Who? Dominic Crossley, partner, Payne Hicks Beach, London.
Why is he in the news? Represented Princess Haya of Jordan in a long-running family court case involving her former husband, the ruler of Dubai Sheikh Mohammed bin Rashid Al Maktoum.
Thoughts on the case: ‘My role arose after we were told that the phones of our client and her team were hacked using “Pegasus” [spyware]. Having been notified of this allegation, and then notifying the court, we were challenged to “prove it”, a challenge finally surmounted when the Supreme Court refused leave to appeal the judgment of the Court of Appeal. The hacking was a stark illustration that the firm and our client were taking on opposition with state-level resources. Before the hacking emerged, the case had already seen three judgments (one in the Court of Appeal). As of last week, the number of published judgments, all arising from the father’s one originating application, stood at 17, all in Princess Haya’s favour. Because the case involved many areas of law, we had to assemble a diverse team of specialists both at PHB and among counsel. Fortunately, they were all brilliant and a joy to work with. The president of the Family Division handled an intensely hard-fought case with great wisdom and a wry good-humour.’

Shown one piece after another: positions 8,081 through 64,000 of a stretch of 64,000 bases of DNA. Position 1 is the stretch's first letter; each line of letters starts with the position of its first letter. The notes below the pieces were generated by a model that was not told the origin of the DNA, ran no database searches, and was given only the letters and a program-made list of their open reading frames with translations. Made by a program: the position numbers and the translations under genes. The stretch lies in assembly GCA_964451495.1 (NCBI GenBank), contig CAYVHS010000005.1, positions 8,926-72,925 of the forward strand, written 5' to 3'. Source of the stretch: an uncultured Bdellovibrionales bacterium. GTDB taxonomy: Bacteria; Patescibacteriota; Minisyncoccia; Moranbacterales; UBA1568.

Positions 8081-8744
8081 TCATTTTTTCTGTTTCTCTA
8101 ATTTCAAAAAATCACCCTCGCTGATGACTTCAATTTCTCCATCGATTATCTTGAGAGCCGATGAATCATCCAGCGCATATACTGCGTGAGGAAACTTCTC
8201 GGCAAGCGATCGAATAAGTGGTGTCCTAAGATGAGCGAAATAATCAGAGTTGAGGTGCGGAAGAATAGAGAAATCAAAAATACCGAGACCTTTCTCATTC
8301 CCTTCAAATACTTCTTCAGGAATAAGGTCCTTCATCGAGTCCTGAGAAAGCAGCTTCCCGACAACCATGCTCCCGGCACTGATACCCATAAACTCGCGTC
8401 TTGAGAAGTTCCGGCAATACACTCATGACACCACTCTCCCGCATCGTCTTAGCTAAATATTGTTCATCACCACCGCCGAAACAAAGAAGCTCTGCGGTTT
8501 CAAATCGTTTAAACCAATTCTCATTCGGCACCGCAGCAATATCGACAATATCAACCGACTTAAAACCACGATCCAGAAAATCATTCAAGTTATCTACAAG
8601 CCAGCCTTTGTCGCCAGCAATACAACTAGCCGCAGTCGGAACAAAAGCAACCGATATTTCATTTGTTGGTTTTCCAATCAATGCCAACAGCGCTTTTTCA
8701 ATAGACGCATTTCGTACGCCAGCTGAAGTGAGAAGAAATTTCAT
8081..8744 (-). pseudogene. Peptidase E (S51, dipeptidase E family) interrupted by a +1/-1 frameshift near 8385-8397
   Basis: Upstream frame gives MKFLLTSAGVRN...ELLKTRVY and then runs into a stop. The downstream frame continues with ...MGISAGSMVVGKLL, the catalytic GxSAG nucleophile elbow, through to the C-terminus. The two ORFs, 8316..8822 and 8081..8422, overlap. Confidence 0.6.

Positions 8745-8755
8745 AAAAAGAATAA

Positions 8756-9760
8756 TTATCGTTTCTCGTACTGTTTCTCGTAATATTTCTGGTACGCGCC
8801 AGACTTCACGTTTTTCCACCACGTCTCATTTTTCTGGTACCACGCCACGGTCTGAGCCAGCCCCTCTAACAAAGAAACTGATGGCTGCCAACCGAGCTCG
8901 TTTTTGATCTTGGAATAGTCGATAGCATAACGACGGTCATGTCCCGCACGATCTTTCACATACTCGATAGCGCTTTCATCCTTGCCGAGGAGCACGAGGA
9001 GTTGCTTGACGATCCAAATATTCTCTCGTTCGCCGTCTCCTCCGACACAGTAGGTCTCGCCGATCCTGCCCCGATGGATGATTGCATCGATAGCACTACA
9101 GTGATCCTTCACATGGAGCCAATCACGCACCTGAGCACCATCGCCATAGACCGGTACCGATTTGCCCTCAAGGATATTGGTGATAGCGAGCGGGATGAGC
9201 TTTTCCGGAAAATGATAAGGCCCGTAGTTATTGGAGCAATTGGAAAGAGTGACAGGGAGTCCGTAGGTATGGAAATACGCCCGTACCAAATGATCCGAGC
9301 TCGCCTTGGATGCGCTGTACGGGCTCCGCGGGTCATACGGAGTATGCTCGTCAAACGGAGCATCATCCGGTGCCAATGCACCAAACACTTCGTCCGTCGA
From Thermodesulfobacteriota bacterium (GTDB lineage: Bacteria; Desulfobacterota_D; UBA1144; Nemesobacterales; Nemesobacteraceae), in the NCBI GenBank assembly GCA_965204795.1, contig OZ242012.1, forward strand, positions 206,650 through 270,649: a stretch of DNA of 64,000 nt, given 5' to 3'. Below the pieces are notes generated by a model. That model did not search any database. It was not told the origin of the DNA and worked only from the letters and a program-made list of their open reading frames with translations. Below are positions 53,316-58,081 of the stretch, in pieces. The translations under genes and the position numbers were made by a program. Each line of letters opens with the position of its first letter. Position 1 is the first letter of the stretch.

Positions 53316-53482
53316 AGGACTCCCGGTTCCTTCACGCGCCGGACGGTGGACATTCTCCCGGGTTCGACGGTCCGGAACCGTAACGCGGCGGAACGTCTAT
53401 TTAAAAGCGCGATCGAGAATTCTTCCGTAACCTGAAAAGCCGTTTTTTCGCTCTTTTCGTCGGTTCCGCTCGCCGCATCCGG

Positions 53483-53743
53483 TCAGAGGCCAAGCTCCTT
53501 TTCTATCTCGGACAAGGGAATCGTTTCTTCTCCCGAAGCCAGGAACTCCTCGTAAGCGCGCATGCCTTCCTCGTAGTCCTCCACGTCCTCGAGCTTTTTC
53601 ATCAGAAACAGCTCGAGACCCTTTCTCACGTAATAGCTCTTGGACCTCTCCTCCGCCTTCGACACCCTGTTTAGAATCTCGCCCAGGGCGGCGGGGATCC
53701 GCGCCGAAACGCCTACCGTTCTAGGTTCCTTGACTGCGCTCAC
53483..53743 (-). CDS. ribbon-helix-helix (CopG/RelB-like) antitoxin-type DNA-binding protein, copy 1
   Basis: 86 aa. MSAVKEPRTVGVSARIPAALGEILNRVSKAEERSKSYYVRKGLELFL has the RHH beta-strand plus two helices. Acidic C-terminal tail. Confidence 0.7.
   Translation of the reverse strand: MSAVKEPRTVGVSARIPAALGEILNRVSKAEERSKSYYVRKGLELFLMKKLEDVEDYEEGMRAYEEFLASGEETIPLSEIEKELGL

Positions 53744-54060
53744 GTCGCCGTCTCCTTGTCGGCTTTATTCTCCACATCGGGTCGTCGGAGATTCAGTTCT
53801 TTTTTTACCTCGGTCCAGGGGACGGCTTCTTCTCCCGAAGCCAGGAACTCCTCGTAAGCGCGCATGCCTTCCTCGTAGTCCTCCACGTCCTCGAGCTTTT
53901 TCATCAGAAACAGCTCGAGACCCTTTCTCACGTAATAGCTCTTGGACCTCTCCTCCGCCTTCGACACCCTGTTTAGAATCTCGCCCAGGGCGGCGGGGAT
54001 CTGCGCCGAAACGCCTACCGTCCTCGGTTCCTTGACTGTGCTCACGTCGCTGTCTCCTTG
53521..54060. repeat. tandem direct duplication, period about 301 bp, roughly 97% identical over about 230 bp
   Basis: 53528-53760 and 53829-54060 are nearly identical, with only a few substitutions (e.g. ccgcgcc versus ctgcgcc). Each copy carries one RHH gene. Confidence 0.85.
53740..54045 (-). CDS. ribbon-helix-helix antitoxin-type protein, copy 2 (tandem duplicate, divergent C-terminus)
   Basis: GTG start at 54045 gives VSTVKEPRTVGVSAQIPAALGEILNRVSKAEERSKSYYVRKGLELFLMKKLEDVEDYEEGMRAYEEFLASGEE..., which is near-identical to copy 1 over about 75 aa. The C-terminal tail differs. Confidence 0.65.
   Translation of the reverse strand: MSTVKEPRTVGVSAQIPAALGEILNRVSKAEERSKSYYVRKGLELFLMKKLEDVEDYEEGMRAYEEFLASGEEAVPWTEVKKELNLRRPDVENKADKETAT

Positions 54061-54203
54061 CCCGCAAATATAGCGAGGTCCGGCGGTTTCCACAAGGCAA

Dealing with the media: ‘As a privacy lawyer, the press are often my opposition. This required a different approach and we argued consistently for press access and published judgments. The full publication of the final judgment on the welfare of the children was unprecedented, but was required to keep the family safe and so that the case did not finish leaving a vacuum to be filled with propaganda and misinformation. The case saw the two extreme ends of the media: (1) the UK-accredited journalists who attended court and behaved impeccably (maintaining the confidentiality in information of great media interest until the court allowed publication); and (2) the online media used to perpetrate the “media war” that was threatened at the outset. The importance of responsible journalists reporting accurately on court proceedings has never been more evident.’
Why become a lawyer? ‘I wanted to be a doctor. A biology teacher said I would never make a career in science but my propensity to argue might make me a good lawyer. I still can’t admit he might have been right.’
Career high: ‘I have been involved in some incredible cases, but no case encapsulates what can be achieved by a determined, talented team, winning against the odds, as much as this one.’
Career low: ‘Being told I’d never become a doctor.’